Ancient Iraqi Property Law Exam

This riddle actually goes back to the Sumerian civilization, translated from ancient cuneiform:

Three ox drivers from Adab were thirsty: one owned the ox, the other owned the cow and the other owned the wagon’s load.

The owner of the ox refused to get water because he feared his ox would be eaten by a lion;
the owner of the cow refused because he thought his cow might wander off into the desert;
the owner of the wagon refused because he feared his load would be stolen.

So they all went.

In their absence the ox made love to the cow which gave birth to a calf which ate the wagon’s load.

Problem: Who owns the calf?

Abbreviated rendition via Reema’s My Random Thoughts, who places it at 1200 BCE (though that would definitely be post-Sumerian).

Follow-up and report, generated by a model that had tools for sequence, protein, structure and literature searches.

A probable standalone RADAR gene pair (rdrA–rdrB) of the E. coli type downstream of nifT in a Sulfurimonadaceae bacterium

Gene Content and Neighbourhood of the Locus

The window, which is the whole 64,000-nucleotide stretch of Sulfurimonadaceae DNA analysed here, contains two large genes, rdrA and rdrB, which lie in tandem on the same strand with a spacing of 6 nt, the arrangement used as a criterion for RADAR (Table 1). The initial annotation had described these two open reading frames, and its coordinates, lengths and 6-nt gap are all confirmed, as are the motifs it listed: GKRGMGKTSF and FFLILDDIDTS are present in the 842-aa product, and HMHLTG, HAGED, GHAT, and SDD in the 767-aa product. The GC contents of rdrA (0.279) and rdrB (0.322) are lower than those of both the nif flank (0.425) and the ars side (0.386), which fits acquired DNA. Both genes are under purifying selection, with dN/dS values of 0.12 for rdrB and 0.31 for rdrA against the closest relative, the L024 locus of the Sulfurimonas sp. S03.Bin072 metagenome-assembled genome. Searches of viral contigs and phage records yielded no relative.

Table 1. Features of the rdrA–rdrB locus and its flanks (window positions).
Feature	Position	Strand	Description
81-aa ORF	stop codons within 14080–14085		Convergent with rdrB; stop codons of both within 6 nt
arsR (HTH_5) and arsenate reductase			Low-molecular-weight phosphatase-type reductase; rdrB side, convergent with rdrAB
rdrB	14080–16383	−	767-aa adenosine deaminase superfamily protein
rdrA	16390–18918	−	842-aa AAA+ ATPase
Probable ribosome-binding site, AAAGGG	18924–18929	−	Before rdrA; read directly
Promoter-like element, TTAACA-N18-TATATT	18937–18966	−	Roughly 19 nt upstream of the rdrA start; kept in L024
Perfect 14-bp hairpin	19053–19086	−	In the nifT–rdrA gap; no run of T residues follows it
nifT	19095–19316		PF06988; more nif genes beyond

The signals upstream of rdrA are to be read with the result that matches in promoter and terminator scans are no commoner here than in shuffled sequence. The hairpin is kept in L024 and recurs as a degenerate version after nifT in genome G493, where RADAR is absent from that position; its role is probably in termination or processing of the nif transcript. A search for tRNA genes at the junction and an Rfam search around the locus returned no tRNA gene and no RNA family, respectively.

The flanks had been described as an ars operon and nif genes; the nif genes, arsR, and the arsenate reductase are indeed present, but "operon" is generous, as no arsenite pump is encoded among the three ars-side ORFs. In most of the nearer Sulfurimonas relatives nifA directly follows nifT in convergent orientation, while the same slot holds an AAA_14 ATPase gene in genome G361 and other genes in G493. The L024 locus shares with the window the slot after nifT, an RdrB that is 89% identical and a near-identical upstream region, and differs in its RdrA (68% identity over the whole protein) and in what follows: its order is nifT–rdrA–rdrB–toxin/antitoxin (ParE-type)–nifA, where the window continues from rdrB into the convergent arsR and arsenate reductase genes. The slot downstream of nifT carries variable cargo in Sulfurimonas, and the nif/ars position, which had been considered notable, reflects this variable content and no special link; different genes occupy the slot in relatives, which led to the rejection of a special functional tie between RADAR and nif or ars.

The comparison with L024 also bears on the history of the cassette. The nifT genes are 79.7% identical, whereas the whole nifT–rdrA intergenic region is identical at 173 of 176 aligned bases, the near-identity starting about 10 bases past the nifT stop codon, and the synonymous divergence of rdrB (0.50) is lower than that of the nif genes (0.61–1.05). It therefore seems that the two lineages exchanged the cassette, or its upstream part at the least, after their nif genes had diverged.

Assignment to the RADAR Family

The original has several lines missing, so we don’t really know the Sumerians’ answer to this. Good thing you’re not being tested.

2 Comments on "Ancient Iraqi Property Law Exam"

  1. ultimately, the creditor who does not get paid on delivery of the now eaten goods will be the owner of the cart.

  2. The calf is a “ward of the state” due to abondonment (“in their absence”) by the ox drivers. I estimate it would take at least a year until the calf would eat the wagon load — assuming “love at first sight” it would take 9 months gestation for the cow to give birth, 3 months for the calf on mother’s milk before it started to eat the wagon load.

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